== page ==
COVID-19 Impacts People Struggling With Eating Disorders Negatively, Finds Study

According to the study, nearly 87 % of the participants reported that their symptoms had worsened as a result of the pandemic.

A study published in the Journal of Eating Disorders has found that nine out of ten individuals grappling with eating disorders have been profoundly and negatively impacted by the ongoing COVID-19 pandemic.

Dr. Dawn Branley-Bell, co-author of the study, said in a statement: "Our findings highlight that we must not underestimate the longevity of the impact of the pandemic. Individuals with experience of eating disorders will likely experience a long-term effect on their symptoms and recovery."

Worsening Eating Disorders

According to Beat, the UK's eating disorder charity, approximately 1.25 million people in the UK alone have an eating disorder. Until now, little was known about the impact of the pandemic on this population.

Teenager depression
Representational Picture

While it is evident that the COVID-19 outbreak is having a significant effect on the global population, the study shows that the pandemic raises additional, unique challenges for individuals with eating disorders.

During the early stages of the pandemic lockdown, Dr. Branley-Bell and Dr. Catherine Talbot from the Northumbria University in the UK, surveyed individuals across the country who are currently experiencing, or in recovery from, an eating disorder.

Compounding Negative Impacts

The results suggest that disruptions to daily life as a result of lockdown and social distancing may have a detrimental impact on an individual's wellbeing, with almost nine out of ten (87 percent) of participants reporting that their symptoms had worsened as a result of the pandemic.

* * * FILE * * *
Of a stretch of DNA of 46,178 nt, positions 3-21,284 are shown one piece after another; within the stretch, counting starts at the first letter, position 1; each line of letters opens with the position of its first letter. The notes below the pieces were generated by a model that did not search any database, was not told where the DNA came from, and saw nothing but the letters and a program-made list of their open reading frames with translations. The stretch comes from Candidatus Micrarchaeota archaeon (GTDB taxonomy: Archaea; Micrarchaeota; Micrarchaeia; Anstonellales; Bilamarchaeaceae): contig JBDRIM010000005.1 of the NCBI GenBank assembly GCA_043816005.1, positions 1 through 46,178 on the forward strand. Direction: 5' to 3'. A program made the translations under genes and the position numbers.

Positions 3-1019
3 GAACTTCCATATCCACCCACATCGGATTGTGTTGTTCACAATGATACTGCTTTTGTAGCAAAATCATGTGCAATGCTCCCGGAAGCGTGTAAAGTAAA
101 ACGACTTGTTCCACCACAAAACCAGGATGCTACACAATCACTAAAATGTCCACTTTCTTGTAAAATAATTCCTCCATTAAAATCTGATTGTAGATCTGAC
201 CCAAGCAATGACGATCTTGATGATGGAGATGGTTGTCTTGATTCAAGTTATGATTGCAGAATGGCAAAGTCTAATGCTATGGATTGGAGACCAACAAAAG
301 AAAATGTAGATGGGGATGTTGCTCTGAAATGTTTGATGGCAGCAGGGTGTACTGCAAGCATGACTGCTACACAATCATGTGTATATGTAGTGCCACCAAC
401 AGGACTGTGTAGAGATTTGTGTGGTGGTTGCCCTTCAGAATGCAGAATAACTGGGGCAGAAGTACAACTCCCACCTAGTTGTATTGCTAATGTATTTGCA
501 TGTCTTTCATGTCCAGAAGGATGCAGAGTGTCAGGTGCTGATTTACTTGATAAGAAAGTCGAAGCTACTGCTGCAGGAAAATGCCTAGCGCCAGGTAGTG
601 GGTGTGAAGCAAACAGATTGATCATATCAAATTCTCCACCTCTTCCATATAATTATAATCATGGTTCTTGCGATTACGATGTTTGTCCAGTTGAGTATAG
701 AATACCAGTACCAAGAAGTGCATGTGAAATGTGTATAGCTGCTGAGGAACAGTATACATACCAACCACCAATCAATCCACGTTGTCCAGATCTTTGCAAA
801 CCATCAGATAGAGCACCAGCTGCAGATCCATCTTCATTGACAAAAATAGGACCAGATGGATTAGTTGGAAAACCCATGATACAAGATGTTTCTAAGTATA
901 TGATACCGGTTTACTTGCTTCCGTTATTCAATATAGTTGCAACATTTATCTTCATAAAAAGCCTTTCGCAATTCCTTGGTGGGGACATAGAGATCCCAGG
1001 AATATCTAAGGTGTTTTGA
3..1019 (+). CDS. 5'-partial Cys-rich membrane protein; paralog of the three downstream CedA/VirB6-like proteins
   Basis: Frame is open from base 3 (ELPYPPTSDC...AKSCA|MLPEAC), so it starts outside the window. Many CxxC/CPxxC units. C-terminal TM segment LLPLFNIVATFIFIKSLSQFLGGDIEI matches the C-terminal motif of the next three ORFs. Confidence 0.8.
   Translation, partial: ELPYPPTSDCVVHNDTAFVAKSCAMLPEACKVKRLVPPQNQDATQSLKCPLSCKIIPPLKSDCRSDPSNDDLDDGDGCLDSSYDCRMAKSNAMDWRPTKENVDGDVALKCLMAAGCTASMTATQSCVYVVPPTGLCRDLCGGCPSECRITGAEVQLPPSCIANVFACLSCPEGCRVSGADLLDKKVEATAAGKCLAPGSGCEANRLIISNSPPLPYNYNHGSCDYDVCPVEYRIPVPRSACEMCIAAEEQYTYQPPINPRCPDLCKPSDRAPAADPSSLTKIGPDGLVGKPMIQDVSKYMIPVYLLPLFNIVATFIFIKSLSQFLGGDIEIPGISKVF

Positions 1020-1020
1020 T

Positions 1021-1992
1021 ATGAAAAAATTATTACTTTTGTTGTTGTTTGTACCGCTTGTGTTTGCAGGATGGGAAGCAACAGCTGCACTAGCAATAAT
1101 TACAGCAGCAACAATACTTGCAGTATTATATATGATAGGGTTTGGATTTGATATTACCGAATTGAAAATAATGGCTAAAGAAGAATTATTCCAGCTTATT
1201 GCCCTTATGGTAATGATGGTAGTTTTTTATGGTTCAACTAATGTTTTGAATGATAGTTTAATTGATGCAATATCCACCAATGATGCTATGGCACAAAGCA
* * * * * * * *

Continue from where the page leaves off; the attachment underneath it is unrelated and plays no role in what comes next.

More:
According to the researchers, over 30 percent stated that their symptoms were much worse. Findings indicate detrimental impacts on psychological wellbeing including decreased feelings of control, increased feelings of social isolation, increased rumination about disordered eating, and low feelings of social support.

Through analysis of participants' responses, researchers found that the negative effects may be due to changes to individuals: regular routine, living situation, time spent with friends and family, access to treatment, engagement in physical activity, relationship with food and use of technology.

Scientists Warn of Adverse Consequences

One of the major challenges faced by those surveyed was a reduction in healthcare service provision or discrepancies in access to healthcare services. Some reported being prematurely discharged from inpatient units, having treatment suspended or continuing to

The research team warns that the consequences of not being able to access professional eating disorder treatment during the pandemic could be severe, causing some peoples' conditions to become much worse and, in some cases, could prove fatal.

(With inputs from agencies)